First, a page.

That's insane. I wouldn't have to test that to know it was total BS. It isn't a rifle bullet. WTH is anyone doing trying to shoot antelope at 200 yds with a 357 anyway? Never seen an antelope that would let you get within 250 yds unless it was sick or on some preserve where they get fed for *club* hunters. Might as well be shooting cattle.
     
    Last edited: Feb 21, 2019
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  20. CraigC
    • Contributing Member

    CraigC Sixgun Nut

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    It's not marketing hype. It's part of its technical specifications. All of which is beside the point.

    I tested it to prove a point to the person making the claim. I might not agree with their methods but the guy was hunting wild pronghorn in Wyoming.

    I don't trust XTP's because I've seen them fail. Because people I trust have had them fail. Because there are far better options available. This ain't 1960.
     
  21. forrest r

    forrest r Member

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    Actually this thread was started and focused around a bad bullet design, namely the federal hst. The hst bullet was designed to have open spaces in the pedals of the hp. Doing this creates less resistance and makes the bullet look/perform better than it actually does. Looks good on paper, looks good in gel. But at the end of the day it's actually a poor design that won't hold up if it has to hit anything solid.

    The ww ammo is actually dumbed down avoiding over penetration.
    At the end of the day it's +/- 825fps vs 1100fps in the snubnosed revolvers.

    The 1100fps is interesting for a 125gr bullet. Don't know how many times I've read the 9mm is underpowered with it's +/- 1100fps 124gr bullet. But in this thread the 357 is over powering/can't be handled. Myself, I really have no use for a snubnosed 38spl. The misses wanted one so she has one and her ccw load is a 158gr bullet doing 950fps.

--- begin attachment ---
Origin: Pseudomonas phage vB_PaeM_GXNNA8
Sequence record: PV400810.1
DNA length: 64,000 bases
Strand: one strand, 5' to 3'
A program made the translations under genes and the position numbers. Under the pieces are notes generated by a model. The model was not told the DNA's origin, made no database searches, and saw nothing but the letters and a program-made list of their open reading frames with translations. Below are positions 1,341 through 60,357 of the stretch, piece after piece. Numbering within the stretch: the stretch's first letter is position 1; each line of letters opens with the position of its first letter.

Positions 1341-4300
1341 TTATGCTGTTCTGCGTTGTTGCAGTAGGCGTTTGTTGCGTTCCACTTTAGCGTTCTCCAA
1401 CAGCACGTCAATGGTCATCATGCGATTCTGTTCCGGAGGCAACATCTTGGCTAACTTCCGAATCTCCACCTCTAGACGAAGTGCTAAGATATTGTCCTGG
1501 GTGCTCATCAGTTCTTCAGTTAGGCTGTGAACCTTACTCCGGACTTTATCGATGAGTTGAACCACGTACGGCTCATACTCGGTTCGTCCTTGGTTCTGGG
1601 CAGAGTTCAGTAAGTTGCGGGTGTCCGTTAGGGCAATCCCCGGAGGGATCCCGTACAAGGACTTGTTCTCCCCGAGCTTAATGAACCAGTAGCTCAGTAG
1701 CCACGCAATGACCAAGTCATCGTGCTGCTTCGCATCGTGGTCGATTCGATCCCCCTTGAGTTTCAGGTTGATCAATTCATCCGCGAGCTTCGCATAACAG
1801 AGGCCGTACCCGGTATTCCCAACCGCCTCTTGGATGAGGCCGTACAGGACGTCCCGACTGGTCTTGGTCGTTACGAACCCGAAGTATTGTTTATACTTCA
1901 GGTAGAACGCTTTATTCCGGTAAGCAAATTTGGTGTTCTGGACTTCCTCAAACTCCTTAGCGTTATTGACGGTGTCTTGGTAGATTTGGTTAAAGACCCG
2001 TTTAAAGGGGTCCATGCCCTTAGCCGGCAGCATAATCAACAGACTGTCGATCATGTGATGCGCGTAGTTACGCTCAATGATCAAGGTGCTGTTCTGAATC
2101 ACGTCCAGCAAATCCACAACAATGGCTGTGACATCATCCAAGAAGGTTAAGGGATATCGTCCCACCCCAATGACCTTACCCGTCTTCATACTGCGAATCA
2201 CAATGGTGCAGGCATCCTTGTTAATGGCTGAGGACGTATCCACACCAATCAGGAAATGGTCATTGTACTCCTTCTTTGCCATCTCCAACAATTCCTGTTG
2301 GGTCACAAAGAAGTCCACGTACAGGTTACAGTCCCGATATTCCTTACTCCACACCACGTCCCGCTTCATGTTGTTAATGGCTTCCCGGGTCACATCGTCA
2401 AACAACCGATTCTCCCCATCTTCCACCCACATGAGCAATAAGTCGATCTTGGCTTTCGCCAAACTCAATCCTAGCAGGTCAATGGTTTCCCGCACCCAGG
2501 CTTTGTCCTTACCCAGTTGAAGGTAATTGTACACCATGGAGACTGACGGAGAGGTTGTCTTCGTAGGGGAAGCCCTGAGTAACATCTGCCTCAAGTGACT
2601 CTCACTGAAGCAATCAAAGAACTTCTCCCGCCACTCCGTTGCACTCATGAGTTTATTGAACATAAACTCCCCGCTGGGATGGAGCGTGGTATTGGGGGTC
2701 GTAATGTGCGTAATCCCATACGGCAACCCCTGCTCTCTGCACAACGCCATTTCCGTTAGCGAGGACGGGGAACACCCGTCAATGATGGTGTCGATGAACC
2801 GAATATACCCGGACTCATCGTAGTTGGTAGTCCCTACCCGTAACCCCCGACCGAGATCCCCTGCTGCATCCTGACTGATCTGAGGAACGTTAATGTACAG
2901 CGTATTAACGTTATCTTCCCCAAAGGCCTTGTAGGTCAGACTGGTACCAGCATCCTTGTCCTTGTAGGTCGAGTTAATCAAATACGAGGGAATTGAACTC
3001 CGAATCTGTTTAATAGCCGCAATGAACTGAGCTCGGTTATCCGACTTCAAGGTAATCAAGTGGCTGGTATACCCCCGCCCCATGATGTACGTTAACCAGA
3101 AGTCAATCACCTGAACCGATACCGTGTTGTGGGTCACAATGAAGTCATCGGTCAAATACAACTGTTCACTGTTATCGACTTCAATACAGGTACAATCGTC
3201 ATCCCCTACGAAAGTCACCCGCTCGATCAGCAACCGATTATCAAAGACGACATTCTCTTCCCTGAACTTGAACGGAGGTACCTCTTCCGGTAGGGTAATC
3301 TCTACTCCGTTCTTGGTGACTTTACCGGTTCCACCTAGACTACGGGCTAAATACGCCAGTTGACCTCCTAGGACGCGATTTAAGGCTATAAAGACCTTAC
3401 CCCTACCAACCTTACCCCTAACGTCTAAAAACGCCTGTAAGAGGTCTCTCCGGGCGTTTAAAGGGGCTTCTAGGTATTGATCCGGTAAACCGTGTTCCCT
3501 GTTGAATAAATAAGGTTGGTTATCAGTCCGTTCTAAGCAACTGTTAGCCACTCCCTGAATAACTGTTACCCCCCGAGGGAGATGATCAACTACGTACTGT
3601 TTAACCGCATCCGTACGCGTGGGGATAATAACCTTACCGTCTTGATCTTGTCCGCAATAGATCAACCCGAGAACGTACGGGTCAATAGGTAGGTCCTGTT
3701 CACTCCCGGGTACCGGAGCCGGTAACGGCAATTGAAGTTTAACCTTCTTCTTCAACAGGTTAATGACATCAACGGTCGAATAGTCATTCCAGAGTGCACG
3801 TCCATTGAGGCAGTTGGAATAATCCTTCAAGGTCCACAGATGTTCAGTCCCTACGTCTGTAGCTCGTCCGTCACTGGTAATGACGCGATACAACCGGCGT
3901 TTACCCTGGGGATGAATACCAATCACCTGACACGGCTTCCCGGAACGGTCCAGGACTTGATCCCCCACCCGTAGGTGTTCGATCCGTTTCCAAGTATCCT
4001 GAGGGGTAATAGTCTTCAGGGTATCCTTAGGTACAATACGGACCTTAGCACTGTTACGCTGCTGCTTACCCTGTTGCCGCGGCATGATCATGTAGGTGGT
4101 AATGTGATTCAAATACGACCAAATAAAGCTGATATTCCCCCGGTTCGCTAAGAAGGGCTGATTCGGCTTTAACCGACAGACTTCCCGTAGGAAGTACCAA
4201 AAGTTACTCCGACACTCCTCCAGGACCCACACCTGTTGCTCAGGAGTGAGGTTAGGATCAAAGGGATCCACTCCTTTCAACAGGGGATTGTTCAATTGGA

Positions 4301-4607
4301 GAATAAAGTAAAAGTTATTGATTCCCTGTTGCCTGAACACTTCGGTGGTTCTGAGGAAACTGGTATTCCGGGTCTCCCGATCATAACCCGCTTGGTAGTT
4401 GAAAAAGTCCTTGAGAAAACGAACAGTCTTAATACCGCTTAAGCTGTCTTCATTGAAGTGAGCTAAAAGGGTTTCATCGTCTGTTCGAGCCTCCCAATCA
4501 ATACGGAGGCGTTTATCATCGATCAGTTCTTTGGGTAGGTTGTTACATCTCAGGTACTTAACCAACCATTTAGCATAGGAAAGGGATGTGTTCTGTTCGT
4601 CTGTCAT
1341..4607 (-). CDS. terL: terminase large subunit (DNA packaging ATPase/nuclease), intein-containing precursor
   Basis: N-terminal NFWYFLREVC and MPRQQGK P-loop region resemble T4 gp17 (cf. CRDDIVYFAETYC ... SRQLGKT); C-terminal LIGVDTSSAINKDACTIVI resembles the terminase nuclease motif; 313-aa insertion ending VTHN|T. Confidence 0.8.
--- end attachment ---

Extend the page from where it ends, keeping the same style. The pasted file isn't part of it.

22. CraigC
    • Contributing Member

    CraigC Sixgun Nut

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    That's a very exclusive club you belong to. :confused:
     
  23. SteadyD

    SteadyD Member

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    I could be mistaken, but I have been under the impression that the HST bullets have been tested through various barriers, such as drywall, auto glass, etc... and that they have performed well.
     
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  24. Sistema1927

    Sistema1927 Member

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  25. CoalTrain49

    CoalTrain49 Member

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    That's pretty good article. Thanks for posting that.

    There has been a lot of research and development on bullets for SD revolvers in the last 10 years by bullet manufacturers. There are some good bullets out there right now if one is interested in doing some research.

    I've carried a model 36 for years. I've also tested the Hornady Critical Defense loads and my results were close to the same that shows up in that article. The 110 gr FTX bullets expand very well at SS velocity. If they didn't I wouldn't use them.